that they (1) support a patients self-management
activities, (2) tailor treatment and intervention to
individual needs, (3) analyze and use standardized
performance measure data to continually improve
treatment plans, and (4) demonstrate their application of and compliance with the clinical practice
guidelines published by the AHA/ASA or equivalent evidence-based guidelines.
Effective January 1, 2010, certified PSCs must
collect and report on eight National Inpatient
Hospital Quality Measures for stroke. The measures
include venous thromboembolism (VTE) prophylaxis, discharged on antithrombotic therapy, anticoagulation therapy for atrial fibrillation/flutter, thrombolytic therapy, antithrombotic therapy by end of
hospital day two, discharged on statin medication
stroke education, and assessed for rehabilitation.
These measures have been endorsed by the National
Quality Forum and approved as a core measure set
for use in the Joint Commissions ORYX program
after October 1, 2009. As of 2010, PSCs are no longer required to report on dysphagia screening and
antismoking cessation counseling. More information
about PSC designationcan be found on The Joint

Guide to the Care of the Hospitalized Patient with Ischemic Stroke

Commissions Web site at www.jointcommission.

Some states have or are developing certification and
regulations for Stroke Centers.
Beyond PSC certification, there are efforts
to credential facilities as comprehensive stroke
centers (CSC), based on the BAC guidelines published in 2005 (Alberts et al., 2005), are under way.
Credentialed CSC facilities or systems will have
necessary personnel, infrastructure, expertise, and
programs to diagnose and treat stroke patients who
require a high degree of medical and surgical care,
specialized tests, or interventional therapies. Both
at the state and local level, government entities and
hospital systems of care are looking at how they
can better provide care to patients with stroke that
includes an increasing reliance and emphasis on
tele-stroke medicine (Lee, et al, 2009).
C. Etiology
Stroke is an acute vascular event that affects the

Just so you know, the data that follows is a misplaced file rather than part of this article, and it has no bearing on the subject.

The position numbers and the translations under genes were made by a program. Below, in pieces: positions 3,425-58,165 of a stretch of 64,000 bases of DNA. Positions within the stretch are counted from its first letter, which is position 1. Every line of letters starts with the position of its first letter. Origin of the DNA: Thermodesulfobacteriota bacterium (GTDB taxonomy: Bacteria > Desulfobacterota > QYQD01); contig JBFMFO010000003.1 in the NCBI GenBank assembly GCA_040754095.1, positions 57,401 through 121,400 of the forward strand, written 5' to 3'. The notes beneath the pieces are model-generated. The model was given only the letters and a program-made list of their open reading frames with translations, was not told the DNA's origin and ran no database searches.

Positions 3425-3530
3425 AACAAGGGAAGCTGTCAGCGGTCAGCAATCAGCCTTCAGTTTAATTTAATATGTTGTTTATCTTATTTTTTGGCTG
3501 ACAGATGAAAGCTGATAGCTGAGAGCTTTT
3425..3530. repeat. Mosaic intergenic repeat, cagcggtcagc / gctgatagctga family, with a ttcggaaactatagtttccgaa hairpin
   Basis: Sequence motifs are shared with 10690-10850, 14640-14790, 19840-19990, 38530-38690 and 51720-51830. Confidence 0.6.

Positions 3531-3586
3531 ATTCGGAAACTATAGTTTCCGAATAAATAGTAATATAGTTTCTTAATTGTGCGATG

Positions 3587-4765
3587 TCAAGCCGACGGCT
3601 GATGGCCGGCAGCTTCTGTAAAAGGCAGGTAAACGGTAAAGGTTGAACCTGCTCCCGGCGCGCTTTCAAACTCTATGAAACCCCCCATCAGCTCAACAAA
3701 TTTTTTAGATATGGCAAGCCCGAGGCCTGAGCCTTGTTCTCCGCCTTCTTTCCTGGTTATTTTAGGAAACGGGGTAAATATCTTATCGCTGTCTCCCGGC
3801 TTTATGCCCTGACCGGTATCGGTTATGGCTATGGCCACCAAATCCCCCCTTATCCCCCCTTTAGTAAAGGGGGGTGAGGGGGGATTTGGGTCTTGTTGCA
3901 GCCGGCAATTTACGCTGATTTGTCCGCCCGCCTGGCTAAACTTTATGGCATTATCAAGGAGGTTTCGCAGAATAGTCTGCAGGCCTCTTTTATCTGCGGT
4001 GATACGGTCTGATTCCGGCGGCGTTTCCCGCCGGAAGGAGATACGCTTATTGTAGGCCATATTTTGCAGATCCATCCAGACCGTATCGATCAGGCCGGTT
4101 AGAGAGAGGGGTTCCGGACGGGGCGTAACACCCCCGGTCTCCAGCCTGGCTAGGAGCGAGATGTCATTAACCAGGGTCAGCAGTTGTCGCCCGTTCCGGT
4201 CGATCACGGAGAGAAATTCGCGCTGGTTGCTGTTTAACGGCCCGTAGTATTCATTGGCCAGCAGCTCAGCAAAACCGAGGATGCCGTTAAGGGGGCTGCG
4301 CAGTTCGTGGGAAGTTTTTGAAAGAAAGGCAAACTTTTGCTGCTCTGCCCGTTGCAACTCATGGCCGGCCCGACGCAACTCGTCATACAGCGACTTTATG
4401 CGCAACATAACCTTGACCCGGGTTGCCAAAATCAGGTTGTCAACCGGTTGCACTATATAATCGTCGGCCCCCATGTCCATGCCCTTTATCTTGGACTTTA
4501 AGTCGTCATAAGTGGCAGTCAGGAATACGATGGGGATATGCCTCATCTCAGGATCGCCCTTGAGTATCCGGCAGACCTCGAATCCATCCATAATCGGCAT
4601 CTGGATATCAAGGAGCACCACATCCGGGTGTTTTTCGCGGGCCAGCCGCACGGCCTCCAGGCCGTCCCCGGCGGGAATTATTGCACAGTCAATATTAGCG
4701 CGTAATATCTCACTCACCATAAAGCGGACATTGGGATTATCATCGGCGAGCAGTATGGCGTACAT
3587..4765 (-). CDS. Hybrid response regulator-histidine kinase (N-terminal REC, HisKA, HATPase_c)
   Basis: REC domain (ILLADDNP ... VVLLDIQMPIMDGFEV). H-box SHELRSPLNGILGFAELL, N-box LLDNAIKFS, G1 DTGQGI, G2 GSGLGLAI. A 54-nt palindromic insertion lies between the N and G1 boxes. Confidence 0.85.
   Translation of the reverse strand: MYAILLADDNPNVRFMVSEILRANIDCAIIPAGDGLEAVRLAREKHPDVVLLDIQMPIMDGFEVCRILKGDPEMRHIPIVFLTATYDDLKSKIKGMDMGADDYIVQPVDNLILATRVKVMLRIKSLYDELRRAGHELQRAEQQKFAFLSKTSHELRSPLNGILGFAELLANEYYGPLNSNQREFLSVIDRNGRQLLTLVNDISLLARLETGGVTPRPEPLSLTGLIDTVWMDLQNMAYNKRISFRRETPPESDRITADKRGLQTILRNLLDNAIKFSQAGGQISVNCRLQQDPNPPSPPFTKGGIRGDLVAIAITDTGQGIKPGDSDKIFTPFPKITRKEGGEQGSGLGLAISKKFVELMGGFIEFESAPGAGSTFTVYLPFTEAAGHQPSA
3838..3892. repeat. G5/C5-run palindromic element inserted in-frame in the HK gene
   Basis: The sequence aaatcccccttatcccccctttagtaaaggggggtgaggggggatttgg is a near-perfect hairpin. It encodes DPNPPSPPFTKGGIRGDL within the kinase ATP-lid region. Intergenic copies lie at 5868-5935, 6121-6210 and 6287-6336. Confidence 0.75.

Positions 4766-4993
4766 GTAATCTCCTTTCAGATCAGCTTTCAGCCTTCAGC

brain. It involves neurological changes caused by
an acute interruption of blood supply to a part of
the brain. There are two main types of stroke. The
first type is ischemic stroke, which results from
decreased blood flow to a portion of the brain
with consequent cell death. The second type is
hemorrhagic stroke, which results from bleeding
within the brain.
1. Ischemic stroke
Ischemic stroke accounts for 80%85% of all
strokes and occurs when the blood supply to the
brain is reduced or blocked; ischemic stroke is
primarily a result of occlusive disease (Adams
et al., 2003). Ischemic stroke is further classified
into large-vessel thrombotic strokes, small-vessel
thrombotic strokes, atheroembolic strokes (which
originate from large arteries and move to distal
branches), and cardioembolic strokes.
The types of ischemic stroke and their frequency
of occurrence are as follows (Adams et al., 1993):
20% atherosclerotic cerebrovascular disease
from hypoperfusion or arteriogenic emboli
25% penetrating artery or proliferative disease (e.g., lacunes, subcortical stroke)
20% cardiogenic embolism from atrial fibrillation, valve disease, ventricular thrombi, and
other cardiac disorders
30% cryptogenic stroke (i.e., stroke with
unknown etiology)
5% other, unusual causes such as prothrombic states, dissections, arteritis, migraines/
vasospasm, drug abuse, and others
2. Hemorrhagic stroke
Hemorrhagic vascular disease accounts for 15%
20% of strokes and occurs when a blood vessel
ruptures (Adams et al., 2003). Hemorrhagic

stroke is caused mainly by hypertension, leading to bleeding in the deep structures of the
brain such as the basal ganglia. Less commonly seen is subarachnoid hemorrhage (SAH) or
arteriovenous malformations (AVMs). Subarachnoid hemorrhage occurs primarily as a result of
the rupture of saccular aneurysms that form at
branching points of the intracranial arteries at
the circle of Willis (Alexander, Gallek, Presciutti,
& Zrelak, 2007; Brisman, Song, & Newell, 2006).